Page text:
5. Production Design - Parasite Thanks to production designer Lee Ha-Jun, Parasite works as a thrilling class parable even if watched on mute and without subtitles. The story of two families – one wealthy, one poor – is told simply but comprehensively with only their two houses. Both built from scratch(!) by Lee, they encapsulate the symbiotic relationship between the families. Parasite would not be Parasite without its production design. 4. Ana De Armas - Knives Out Without de Armas, Knives Out is an ingenius, delightful murder mystery – but one I likely would have forgotten soon after I left the theater. It’s de Armas that bring the movie's heart, making me care about what happens, and connecting Knives Out to the world around it. She repeatedly bears the burden of its twists and turns in her face and her body language. If we get a set of murder mystery sequels centered on Daniel Craig’s Benoit Blanc, then I demand a follow-up to see what Marta is doing a few years into the future. 3. Soundtrack - Once Upon a Time in Hollywood That an under-heard Neil Diamond track from 50 years ago, "Brother Love's Traveling Salvation Show," became the song of the summer is the one undeniable, unexpected fact we can agree on in this tumultuous year of movies. Go figure. Beyond that, Tarantino ingeniously used music and radio snippets to anchor his mood-piece, Once Upon A Time in Hollywood, in a very specific time and place. Bravo.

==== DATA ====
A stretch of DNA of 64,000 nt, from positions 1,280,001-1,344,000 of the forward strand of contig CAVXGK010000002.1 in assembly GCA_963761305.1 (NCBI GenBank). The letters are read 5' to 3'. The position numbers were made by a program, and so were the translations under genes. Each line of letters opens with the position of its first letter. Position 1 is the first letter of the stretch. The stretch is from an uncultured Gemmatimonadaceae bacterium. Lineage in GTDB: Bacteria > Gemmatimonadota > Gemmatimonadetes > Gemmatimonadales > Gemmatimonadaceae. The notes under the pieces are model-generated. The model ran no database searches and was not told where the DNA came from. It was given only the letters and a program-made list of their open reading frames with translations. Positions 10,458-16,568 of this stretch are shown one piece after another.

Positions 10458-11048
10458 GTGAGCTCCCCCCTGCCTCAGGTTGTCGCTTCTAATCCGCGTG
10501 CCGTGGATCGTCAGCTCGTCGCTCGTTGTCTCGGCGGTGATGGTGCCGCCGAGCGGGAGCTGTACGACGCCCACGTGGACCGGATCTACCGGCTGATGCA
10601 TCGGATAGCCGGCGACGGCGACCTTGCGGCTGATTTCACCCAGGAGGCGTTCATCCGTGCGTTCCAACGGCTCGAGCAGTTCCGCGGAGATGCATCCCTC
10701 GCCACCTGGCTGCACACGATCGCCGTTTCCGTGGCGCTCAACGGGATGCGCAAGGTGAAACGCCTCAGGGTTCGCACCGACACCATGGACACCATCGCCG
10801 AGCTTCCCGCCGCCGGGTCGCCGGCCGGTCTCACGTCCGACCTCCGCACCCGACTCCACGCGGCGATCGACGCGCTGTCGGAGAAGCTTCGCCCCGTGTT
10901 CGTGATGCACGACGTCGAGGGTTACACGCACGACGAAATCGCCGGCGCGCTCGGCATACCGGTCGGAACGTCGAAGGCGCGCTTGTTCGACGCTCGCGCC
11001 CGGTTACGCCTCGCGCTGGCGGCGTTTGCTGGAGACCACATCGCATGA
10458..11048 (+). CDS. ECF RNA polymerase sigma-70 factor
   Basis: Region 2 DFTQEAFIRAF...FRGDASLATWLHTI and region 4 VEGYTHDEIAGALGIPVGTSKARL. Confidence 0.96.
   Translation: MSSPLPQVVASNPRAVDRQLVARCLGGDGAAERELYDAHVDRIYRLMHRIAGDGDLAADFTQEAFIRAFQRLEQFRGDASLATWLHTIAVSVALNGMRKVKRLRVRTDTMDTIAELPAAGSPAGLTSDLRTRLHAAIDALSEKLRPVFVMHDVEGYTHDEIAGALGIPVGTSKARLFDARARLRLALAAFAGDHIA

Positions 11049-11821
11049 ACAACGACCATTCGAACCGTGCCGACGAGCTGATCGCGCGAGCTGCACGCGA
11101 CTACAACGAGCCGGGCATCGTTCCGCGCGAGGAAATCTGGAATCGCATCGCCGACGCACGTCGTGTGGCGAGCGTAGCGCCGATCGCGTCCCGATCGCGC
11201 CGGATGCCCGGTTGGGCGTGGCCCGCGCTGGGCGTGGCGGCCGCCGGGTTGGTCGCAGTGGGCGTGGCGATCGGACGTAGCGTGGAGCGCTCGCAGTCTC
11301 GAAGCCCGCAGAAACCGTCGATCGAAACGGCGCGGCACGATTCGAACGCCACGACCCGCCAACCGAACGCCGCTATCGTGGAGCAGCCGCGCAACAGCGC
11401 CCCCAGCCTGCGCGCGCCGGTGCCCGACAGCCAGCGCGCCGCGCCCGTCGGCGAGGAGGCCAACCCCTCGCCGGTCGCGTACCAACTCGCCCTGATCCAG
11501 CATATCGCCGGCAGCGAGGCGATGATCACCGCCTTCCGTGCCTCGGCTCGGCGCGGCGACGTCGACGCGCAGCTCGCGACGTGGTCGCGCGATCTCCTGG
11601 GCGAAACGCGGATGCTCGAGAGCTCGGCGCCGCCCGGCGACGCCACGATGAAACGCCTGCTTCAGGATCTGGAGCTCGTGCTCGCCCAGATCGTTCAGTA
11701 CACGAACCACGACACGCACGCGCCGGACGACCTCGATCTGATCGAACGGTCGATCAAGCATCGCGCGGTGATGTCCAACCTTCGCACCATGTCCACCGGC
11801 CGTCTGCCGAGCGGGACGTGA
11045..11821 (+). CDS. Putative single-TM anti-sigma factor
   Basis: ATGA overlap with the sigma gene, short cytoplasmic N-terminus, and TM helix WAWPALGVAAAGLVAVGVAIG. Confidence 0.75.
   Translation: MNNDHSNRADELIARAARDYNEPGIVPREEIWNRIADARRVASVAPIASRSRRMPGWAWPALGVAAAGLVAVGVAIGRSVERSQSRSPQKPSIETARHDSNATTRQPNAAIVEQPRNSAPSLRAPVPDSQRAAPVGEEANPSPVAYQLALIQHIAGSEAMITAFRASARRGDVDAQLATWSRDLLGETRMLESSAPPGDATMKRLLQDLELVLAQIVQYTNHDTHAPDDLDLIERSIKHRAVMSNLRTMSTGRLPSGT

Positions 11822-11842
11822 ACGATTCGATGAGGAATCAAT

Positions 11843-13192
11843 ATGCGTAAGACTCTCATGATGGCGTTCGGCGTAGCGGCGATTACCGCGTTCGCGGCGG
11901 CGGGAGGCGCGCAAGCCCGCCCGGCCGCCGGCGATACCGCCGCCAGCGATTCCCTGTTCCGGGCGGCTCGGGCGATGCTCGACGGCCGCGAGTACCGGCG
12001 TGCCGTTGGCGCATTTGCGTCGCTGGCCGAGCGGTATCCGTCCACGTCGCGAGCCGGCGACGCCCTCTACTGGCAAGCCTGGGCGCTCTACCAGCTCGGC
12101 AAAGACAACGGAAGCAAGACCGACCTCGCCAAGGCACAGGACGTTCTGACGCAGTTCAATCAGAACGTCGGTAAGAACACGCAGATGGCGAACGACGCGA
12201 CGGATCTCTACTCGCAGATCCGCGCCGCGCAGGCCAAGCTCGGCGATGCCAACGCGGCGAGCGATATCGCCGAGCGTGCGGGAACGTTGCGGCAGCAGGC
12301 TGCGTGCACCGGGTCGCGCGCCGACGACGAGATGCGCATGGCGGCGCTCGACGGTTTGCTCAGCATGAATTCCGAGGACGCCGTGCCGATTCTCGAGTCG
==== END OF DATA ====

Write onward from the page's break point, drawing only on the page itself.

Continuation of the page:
2. Julia Fox - Uncut Gems In her debut role, Fox is the perfect foil to Adam Sandler in Uncut Gems: under-stated when he exaggerates; soft where he is harsh; self-aware of her sense of innocence where he is oblivious to his perpetual guilt. In particular in a fight scene after Julia’s near-tryst with a touring The Weeknd, Julia shines as the titular gems: sharp, raw, unfiltered. She wears every moment on her face.
1. Fire Scene - Portrait of a Lady on Fire The decision to rely exclusively on diegetic sound for the entirety of the movie pays off in spades for director Céline Sciamma, as late in the movie, a group of women crescendo into one of the most visually and aurally stimulating scenes of the decade. I got chills twice at the movies this year. The first was when I saw this moment. The second? When I re-watched it two months later.